This feature shines a spotlight on pretty locations in Dorset, from historic castles to swan-filled lakes.

1. Lulworth Cove

Lulworth Cove is located near the village of West Lulworth, on the Jurassic Coast World Heritage Site. The cove attracts approximately 500,000 visitors a year, due to its clear waters and the surrounding cove walls that form a pretty sun trap.

Coach parking is available in the village, and groups can explore the quaint seaside shops and grab lunch or an ice cream during a visit.

2. Abbotsbury Swannery

This swannery is said to be the only managed colony of mute swans in the world. It’s a sanctuary for 600 swans, built on the site of an 11th-century monastery, and is very close to Abbotsbury Tropical Gardens; great for a combined day trip.

Don’t miss catching a swan feeding demonstration, during which hundreds of swans and other birds gather to feed on the lake – great for photography enthusiasts. Group entry rates are available for parties of ten or more.

3. Durdle Door, Wareham

Durdle Door is a natural limestone arch on the Jurassic Coast near Lulworth. It is privately owned by the Welds, a family who owns 12,000 acres in Dorset in the name of the Lulworth Estate. The area is open to the public year round.

This is a free natural outdoor attraction on the beach and can be accessed by walking from the aforementioned Lulworth Cove or by parking at the top of the sea cliff and walking down.

Durdle Door, Dorset

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The famous Durdle Door arch which is one of the highlights of the Jurassic Coast in Dorset.

4. Sherborne Castle and Gardens

Here you can enjoy 18th century landscape gardens designed by Capability Brown and explore paths and trails around 30 acres with spectacular views of more than 1,000 acres of parkland.

Discounted entry rates are available for parties of 15 or more for both the castle and the garden.

5. Swanage Bay

Swanage is a coastal town in the south east of Dorset. The town, originally a small port and fishing village, flourished in the Victorian era when it first became a significant quarrying port and later a seaside resort.

Today Swanage remains a popular tourist resort, and groups visiting can enjoy the bay’s sandy beach, fish and chip shops, and other seasonal attractions.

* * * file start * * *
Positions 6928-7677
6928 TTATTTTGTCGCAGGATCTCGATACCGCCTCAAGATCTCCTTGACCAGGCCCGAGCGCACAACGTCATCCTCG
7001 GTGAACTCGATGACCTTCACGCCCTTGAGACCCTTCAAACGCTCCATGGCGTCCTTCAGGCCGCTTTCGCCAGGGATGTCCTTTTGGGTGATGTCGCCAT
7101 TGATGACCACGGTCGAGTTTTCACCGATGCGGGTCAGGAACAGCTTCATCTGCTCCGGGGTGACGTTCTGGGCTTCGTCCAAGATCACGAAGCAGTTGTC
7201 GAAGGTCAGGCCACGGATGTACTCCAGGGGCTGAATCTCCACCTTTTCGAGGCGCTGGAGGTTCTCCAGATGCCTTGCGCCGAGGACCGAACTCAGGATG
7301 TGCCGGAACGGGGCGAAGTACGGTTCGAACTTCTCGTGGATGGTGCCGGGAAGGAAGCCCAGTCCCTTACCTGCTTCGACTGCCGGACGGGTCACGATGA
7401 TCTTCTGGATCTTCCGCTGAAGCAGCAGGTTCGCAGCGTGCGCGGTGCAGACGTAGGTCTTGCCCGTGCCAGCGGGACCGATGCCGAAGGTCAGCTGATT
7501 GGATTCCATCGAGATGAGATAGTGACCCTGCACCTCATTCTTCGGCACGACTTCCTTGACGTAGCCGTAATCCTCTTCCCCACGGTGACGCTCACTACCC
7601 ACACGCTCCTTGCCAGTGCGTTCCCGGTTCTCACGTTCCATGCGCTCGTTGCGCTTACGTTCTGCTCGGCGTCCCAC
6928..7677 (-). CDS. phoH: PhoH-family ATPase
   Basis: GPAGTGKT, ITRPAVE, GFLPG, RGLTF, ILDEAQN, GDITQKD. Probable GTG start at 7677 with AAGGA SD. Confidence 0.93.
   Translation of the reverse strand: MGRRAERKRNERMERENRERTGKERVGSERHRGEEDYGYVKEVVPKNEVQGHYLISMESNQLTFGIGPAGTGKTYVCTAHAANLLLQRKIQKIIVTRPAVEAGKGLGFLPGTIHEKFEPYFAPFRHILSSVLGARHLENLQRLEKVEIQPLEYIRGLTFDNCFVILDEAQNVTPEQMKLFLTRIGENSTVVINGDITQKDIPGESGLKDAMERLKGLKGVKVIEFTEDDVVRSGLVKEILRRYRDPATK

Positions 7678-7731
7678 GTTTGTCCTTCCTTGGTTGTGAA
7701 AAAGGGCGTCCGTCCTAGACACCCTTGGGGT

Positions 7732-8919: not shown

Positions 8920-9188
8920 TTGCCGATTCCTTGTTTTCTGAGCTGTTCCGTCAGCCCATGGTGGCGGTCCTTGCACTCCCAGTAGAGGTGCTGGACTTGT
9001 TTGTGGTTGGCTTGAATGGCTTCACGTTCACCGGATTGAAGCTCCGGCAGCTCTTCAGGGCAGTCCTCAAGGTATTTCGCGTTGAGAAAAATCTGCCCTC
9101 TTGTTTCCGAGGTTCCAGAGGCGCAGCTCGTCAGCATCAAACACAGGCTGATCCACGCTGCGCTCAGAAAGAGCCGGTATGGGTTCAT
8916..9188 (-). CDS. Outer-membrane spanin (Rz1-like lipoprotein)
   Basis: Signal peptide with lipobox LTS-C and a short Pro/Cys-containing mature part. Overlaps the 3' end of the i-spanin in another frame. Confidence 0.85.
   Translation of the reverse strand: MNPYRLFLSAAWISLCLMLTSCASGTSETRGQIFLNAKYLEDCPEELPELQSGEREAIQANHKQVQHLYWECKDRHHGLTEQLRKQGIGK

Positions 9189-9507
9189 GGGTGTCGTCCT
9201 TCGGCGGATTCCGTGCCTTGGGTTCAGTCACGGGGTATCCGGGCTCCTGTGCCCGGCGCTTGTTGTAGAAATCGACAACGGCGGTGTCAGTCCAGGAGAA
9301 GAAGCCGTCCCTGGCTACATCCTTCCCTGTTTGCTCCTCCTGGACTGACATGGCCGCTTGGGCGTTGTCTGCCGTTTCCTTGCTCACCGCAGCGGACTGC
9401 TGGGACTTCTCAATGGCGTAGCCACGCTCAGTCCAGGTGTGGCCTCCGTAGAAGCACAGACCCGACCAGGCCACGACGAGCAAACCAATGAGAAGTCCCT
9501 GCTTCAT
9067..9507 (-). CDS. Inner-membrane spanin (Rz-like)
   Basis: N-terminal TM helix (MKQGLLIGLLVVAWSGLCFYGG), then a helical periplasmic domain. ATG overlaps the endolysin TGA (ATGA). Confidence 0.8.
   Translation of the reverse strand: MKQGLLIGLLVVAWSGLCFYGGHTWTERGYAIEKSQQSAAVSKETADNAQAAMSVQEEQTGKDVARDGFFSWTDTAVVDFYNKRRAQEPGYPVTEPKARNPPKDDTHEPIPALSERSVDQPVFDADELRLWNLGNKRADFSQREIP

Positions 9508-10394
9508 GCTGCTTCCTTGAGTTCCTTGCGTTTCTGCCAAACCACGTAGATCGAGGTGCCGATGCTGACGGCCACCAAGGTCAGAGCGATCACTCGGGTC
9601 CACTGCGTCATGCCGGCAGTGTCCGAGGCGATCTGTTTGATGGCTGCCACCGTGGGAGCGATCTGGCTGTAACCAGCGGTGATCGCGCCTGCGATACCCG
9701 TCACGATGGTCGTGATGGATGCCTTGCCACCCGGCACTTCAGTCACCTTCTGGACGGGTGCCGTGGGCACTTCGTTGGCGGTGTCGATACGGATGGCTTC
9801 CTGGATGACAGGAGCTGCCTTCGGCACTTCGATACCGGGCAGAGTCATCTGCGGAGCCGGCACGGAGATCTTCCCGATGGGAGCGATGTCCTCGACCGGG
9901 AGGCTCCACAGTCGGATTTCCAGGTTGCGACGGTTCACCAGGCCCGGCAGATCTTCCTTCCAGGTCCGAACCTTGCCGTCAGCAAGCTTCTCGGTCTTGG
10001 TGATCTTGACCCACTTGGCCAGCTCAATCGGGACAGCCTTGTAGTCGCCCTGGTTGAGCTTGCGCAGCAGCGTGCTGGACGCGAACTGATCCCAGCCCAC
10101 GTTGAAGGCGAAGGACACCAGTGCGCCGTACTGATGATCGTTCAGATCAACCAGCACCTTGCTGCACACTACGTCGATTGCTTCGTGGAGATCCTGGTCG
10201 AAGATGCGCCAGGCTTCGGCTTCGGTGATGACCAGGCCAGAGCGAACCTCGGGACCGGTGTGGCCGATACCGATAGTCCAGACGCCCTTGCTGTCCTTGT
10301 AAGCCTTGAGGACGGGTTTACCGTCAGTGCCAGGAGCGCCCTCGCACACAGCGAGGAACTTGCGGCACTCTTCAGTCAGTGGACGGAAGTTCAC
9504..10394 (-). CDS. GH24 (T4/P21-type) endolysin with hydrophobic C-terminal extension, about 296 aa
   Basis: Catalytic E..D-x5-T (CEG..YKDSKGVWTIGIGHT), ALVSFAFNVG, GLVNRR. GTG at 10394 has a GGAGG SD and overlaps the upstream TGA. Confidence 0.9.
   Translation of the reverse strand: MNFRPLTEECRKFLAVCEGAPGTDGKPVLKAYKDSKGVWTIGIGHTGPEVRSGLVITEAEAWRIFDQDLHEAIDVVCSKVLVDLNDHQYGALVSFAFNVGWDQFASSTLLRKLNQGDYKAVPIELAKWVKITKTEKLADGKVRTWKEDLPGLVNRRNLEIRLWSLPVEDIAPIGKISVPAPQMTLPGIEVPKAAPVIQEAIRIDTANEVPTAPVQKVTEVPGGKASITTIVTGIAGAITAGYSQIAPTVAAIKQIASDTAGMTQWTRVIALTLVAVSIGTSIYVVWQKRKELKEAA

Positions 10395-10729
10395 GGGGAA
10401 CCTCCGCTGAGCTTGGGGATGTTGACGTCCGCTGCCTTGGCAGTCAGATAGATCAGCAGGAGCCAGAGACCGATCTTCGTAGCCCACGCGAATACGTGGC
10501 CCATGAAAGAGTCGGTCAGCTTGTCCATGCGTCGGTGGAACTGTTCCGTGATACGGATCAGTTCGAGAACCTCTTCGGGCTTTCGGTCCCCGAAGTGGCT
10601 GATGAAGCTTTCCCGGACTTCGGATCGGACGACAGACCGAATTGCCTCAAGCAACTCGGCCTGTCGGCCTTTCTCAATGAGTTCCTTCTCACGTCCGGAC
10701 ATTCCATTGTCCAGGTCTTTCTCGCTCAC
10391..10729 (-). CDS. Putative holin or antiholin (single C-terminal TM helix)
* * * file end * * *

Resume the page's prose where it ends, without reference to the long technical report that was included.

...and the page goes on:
Bournemouth garden in the spring

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Bournemouth Gardens.

6. Bournemouth’s gardens

While Bournemouth is famous for its sandy beach, its Sealife Centre and its retail offerings, the lush green award-winning gardens that run from Bournemouth pier to town’s boundary with Poole are also worth a visit.

The lower, central and upper gardens are about three kilometres long and provide a range of beautiful scenery. The gardens are part of the Bourne Valley Greenway and are listed as Grade II in the English Heritage Register of Parks and Gardens.

7. Corfe Castle

National Trust-owned Corfe Castle won’t fail to captivate your group; its hill-top ruins are awe-inspiring, and so are the views over the Purbeck Hills from the ruins themselves.

Groups can discover over 1,000 years of history, learn about Corfe’s role as a palace and a fortress; spot ‘murder holes’ and count arrow loops; spot wildlife in the now-abandoned brickwork; and take tea in the 18th century tea rooms.

Corfe Castle Dorset

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The famous ruins of Corfe Castle.

8. The south shore of Brownsea Island

Also owned by the National Trust is Brownsea Island, located just off the shore of Poole Harbour. The island has played the role of military stronghold and refuge for wildlife, and was one of the first locations for the founding of the Scouts.

The island can be reached by a public ferry or by private boat – ferries leave every 30 minutes from Pool Harbour and Sandbanks. There is a wharf and a small dock near the main castle on the island, and plenty of wild areas to explore including salt marsh and forest.

Keep your eyes peeled for resident red squirrels – they’re native to the island and hard to spot elsewhere in the UK.